- It is also called Agar
- It is an extract from seaweed, specifically Red Sea algae
- Thus it is VEGAN
- It comes in powder, flakes, bar – each with different guidelines for usage
- It needs heat to dissolve properly / it needs to be dissolved in liquid and then brought to the boil
- It can be cooked on high heat without loosing its gelling properties
- It doesn’t need cold temperature (aka the refrigerator) to sett…meaning on a hot day, your desserts will stay firm
- It sets ‘harder’ and less jiggly than gelatine
- It produces a colourless set
- It is odorless
- And it is flavourless – letting the flavour of whatever you desire shine through. Woo hoo
- Some enzymes in pineapples (cf. Zobo jelly) , papaya, mangoes and a few others prevent gelling. You can destabilise the enzymes by cooking the fruit first.
- With high acidic foods – citrus etc , you may require more agar-agar than the recipe calls for
- Ratios – to set one cup of liquid, use either: one teaspoon agar agar powder OR one tablespoon agar agar flakes OR half an agar agar bar.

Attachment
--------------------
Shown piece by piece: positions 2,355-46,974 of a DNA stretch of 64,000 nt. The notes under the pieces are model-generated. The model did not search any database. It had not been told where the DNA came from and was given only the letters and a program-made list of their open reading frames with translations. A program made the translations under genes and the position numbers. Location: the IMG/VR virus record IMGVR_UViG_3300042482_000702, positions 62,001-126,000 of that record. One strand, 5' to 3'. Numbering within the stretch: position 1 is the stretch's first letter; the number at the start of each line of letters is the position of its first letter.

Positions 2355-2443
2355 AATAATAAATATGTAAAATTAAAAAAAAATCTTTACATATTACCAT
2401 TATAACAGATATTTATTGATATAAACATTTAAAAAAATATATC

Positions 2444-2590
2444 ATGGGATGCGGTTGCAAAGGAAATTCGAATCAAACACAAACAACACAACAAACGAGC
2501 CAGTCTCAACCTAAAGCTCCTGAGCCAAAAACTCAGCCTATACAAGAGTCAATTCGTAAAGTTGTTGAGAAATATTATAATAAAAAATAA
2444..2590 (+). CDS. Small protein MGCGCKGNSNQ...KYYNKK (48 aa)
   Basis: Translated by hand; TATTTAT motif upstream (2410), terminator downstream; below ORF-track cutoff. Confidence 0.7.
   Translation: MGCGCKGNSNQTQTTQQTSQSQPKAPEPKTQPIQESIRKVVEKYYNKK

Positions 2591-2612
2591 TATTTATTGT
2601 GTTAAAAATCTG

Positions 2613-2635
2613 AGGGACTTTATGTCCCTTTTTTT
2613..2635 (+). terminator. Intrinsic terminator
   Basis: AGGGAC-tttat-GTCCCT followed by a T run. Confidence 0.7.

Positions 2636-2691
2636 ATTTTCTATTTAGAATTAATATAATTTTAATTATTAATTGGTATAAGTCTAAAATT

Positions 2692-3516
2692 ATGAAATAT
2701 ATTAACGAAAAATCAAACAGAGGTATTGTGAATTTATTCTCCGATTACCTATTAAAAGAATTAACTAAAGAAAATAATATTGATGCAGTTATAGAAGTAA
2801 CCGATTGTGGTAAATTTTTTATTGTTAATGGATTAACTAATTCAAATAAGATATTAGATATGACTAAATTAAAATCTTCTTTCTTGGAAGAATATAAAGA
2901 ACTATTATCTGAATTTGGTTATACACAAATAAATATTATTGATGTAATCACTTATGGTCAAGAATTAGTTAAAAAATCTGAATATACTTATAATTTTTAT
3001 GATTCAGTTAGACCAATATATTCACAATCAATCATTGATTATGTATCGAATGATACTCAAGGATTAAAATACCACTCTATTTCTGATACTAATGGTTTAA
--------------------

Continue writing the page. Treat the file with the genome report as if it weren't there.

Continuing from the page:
- Substitutions – you can substitute 1 teaspoon agar agar powder for 1 teaspoon gelatin
- It also has health benefits appaz -from regulating body fat and sugar, to waste removal and lowering cholesterol.
- Outside of the culinary domain, it is used as a laxative because of its high (~80%) fibre content and sometimes to suppress appetites. Right…….. this I might try 🙂
So, I think that’s all I know. Well, maybe not but this isn’t bad for a start.
So what did I use it for? Coming up.[wpurp-searchable-recipe]Seventeen (17) Things You Should Know About Agar Agar – – – [/wpurp-searchable-recipe]